They say that the best chances are granted to you by life at the most unexpected hour. Failures you will face galore but the good things, when they come, will fill you with renewed vigour. One such chance came in the form of Rasa-a London based Indian restaurant. One of RASA’s officials was in town and the Propel team had worked towards arranging a meeting between him and Raja in Bangalore. If there was an opportunity out there to change Raja’s life, it was this one. There was only one hindrance-Raja’s own fear of stepping out of his shelter. However, when Shilpi asked Raja his thoughts on the matter, to her great surprise, he agreed in an instant. The last thing Shilpi recalls saying to Raja in Bhopal before he got on that train was, “You do know you are leaving for the good?” Raja had solemnly nodded and said, “Yes, I know.”
Months have passed since then. Raja impressed the RASA team and got through. He judiciously saved his stipend and got his first Android phone. He went online and booked train tickets on his phone. From that boy who shook with fear on looking someone in the eye, he broke free from his shackles and embraced change. Recently when we celebrated Raja’s birthday with him at Bangalore, we noticed some things that moved something within us. We realised that Raja has become free. He has become an achiever, a dreamer. Raja too, like his mentors back in Bhopal, has become a believer.
People often ask us, “So how much difference have you made? Do you think this will change? It’s impossible!” Make A Difference-the name itself accrues a huge responsibility on us. We have the responsibility of empowering children, of creating safe ecosystems for them to grow up in and the larger responsibility of enabling the sector. When we teach a class for a year or two and we still see a child languish with articles, we feel frustrated. We feel our efforts to be squashed, our huge dreams and expectations being stomped on. We do indeed feel shattered. But an important thing to remember is that change doesn’t just happen-we must make it happen. We must pick up bits and pieces of ourselves every time we fall apart and rebuild ourselves. We must put in faith, we must put in a lot of hard work and we must never stop believing. Believe that change is possible. Believe that there is a brighter future for you and me, and for those tens and thousands of children out there. Believe that when we come together, nothing can remain unachievable.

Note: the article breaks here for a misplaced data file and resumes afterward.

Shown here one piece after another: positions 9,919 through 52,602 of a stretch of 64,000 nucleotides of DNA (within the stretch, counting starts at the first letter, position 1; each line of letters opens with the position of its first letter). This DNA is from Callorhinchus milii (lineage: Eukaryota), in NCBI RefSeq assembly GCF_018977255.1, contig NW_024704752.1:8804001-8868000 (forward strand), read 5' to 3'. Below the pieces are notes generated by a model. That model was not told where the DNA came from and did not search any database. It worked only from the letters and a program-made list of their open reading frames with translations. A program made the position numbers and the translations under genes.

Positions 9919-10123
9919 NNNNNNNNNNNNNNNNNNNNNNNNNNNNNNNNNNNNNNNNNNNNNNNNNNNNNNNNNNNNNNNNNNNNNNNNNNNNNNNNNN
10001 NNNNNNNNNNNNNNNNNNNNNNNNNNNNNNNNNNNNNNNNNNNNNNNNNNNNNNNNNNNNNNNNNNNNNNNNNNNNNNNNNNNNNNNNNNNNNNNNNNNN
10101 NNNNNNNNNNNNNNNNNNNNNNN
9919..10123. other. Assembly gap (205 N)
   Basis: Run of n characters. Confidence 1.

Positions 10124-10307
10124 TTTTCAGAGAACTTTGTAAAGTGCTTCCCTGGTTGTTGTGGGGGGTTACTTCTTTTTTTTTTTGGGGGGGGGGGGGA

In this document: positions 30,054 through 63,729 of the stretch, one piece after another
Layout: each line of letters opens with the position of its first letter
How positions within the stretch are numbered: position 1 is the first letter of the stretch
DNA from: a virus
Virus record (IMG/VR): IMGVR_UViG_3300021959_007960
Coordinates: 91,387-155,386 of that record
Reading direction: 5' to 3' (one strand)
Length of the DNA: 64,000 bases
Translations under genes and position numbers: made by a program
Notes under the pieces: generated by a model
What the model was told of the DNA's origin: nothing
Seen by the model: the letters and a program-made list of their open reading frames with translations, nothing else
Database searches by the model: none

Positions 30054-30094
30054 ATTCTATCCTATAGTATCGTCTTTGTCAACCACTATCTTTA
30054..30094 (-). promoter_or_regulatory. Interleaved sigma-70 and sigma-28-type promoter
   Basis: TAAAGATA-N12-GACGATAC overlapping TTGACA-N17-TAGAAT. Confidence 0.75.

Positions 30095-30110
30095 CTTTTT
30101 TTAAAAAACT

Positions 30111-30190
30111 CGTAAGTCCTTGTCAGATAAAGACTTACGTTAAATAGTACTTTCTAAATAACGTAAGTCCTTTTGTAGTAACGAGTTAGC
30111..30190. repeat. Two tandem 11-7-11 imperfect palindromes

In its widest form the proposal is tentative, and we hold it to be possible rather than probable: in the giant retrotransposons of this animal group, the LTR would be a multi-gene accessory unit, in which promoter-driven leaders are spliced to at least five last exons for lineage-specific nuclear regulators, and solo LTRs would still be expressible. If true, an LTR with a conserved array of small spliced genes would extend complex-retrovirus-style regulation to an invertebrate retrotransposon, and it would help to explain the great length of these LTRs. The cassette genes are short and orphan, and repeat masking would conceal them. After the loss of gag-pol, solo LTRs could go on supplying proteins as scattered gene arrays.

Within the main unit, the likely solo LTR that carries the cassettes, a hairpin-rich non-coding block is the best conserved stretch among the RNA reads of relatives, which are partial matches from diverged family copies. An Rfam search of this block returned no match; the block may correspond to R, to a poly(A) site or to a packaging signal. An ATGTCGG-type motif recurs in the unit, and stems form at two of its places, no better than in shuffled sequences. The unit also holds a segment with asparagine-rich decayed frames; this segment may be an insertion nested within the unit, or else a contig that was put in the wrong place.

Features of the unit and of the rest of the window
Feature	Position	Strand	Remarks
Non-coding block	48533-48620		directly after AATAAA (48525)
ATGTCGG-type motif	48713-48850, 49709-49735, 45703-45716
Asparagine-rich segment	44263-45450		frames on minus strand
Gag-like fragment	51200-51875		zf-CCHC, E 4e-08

Our lives have been shaped and moulded by people who came into our lives and started a conversation at the right time- people like our parents, mentors, siblings, friends. Each one of them carried in their words a spark.
A spark that lit the fire of possibilities, of dreams, of hopes and ambitions within us. A fire that did not let us sleep at night. A fire that still burns within us today. Strong.
Most of the children we work with at MAD are talented. They are caring, with a lot of love to give. But the reason why 95% children in street shelters drop out even before they finish tenth standard is because of the lack of what we have. That parent. That sibling. That guide.
Currently, there are 177 million children without a support system. They are children with immense untapped potential. That untapped potential is lying isolated, somewhere. Some place where only someone with that spark can reach into and turn it into a blazing fire.
We at MAD realize that every time we walk into a shelter to meet our children, we kindle that spark in over 5000 children over 77 Shelter homes in 23 cities.
To fan it.
To make a roaring fire that burns bright.
Are you that spark?
MAD is recruiting. Register yourself at www.makeadiff.in/join!